‘Whenever a woman in my lab would tell me, ‘I just don’t know if I can make it,’ I would pull out my CV and show them where I was at their stage, and highlight how much more impressive they are’. Dr Zoghbi, a scientist with multiple awards, said this in an interview.

‘If I can do it, you can do it… ‘.

In the world of STEM, women have been making remarkable strides, breaking barriers, and shattering stereotypes. However, even with their exceptional achievements, women in STEM often find themselves grappling with two powerful adversaries: lack of confidence and Imposter Syndrome. In this article, we will delve into how lack of confidence, and imposter syndrome affect women in STEM. Moreover, we will explore ways to overcome these challenges.

The Power of Confidence

Confidence is an indispensable trait that propels individuals toward success. For women in STEM, cultivating and nurturing self-confidence can be a catalyst for personal and professional growth. Confidence empowers women to embrace challenges, showcase their skills, and take on leadership roles in their fields. A strong belief in one’s abilities helps overcome the gender biases that still persist in STEM industries and fosters an environment where women can thrive.

It is a fundamental aspect of both personal well-being and career advancement. When individuals possess confidence in their abilities, they are more inclined to embrace challenges, take risks, and persevere through obstacles. This courageous attitude often translates into significant career growth and the accomplishment of ambitious goals.

Imposter Syndrome: A Hidden Struggle 

Imposter Syndrome is an internal battle that affects many women, irrespective of their achievements. This phenomenon manifests as a persistent feeling of inadequacy, despite external evidence of competence and accomplishments. Women experiencing imposter syndrome tend to believe they are undeserving of their successes, attributing their achievements to luck or external factors rather than their capabilities. As a result, they may fear exposure as “frauds” and constantly doubt their abilities, hindering their pursuit of greater achievements.

This causes many to downplay their achievements, doubt their skills, and feel less confident in their capabilities. This self-perception can also influence their willingness to take on challenging tasks or pursue leadership roles that can advance their careers in STEM fields.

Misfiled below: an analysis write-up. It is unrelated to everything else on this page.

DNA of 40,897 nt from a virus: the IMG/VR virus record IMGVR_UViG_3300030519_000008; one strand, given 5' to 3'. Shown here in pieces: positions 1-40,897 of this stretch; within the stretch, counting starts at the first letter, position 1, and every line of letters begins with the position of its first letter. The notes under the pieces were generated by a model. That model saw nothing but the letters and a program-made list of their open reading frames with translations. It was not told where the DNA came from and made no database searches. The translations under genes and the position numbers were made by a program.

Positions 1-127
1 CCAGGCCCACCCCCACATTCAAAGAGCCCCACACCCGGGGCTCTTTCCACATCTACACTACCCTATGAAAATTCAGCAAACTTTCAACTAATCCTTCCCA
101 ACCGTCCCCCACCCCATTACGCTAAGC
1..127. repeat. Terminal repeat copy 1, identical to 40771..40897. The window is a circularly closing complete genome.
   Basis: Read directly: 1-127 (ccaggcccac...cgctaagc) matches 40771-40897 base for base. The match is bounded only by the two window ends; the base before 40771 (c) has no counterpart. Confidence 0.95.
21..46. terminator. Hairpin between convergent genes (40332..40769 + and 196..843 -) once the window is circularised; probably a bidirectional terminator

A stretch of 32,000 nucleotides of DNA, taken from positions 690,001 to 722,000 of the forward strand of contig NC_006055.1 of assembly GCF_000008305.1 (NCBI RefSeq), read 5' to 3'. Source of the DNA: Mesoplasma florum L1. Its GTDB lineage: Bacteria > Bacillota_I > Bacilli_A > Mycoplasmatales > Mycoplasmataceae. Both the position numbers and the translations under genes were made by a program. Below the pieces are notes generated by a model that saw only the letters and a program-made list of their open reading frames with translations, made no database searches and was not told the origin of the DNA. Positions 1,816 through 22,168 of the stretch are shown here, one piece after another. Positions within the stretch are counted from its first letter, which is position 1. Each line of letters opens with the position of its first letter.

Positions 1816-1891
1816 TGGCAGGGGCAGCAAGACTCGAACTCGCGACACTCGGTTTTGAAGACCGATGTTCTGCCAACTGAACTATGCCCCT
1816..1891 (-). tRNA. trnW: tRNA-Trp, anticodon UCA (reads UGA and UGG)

Addressing Imposter Syndrome and Fostering Confidence:

There are numerous practical ways we can collectively elevate the confidence of girls and women in STEM. Some of these impactful strategies include:

Building self-confidence is an ongoing journey that touches various aspects of life, particularly when it comes to women in STEM. This critical issue requires support from both individuals and institutions alike. While the steps listed above serve as valuable guidelines, it’s important to recognize that they are not exhaustive. They merely highlight a few key strategies to begin with. 

By actively implementing these empowering measures and extending support to women in STEM, institutions and organizations can play a vital role in fostering a more inclusive and diverse workforce. In doing so, they contribute to the cultivation of innovation and address societal challenges through a broader range of perspectives and expertise.

Remember, empowering women in STEM is not a one-time effort but an ongoing commitment that requires continuous encouragement, mentorship, and advocacy. At WAAW Foundation, we are creating an enabling environment for women in STEM to be empowered and encouraged to succeed in their career, we aim to achieve this through our programs which you can read more about here. If you believe in our mission, kindly support us; Donate Today

The extract at the beginning of this article came from Dr. Zoghbi; she was a practical role model to the women who had been in contact with her, and she demonstrated that countering self-doubt does not always require sweeping institutional changes. While such changes are undoubtedly necessary for creating a more inclusive scientific environment, individual efforts can make a significant impact in the interim. 

Okoye U. C., (June 4, 2020). “Women in Science: Overcoming Imposter Syndrome”.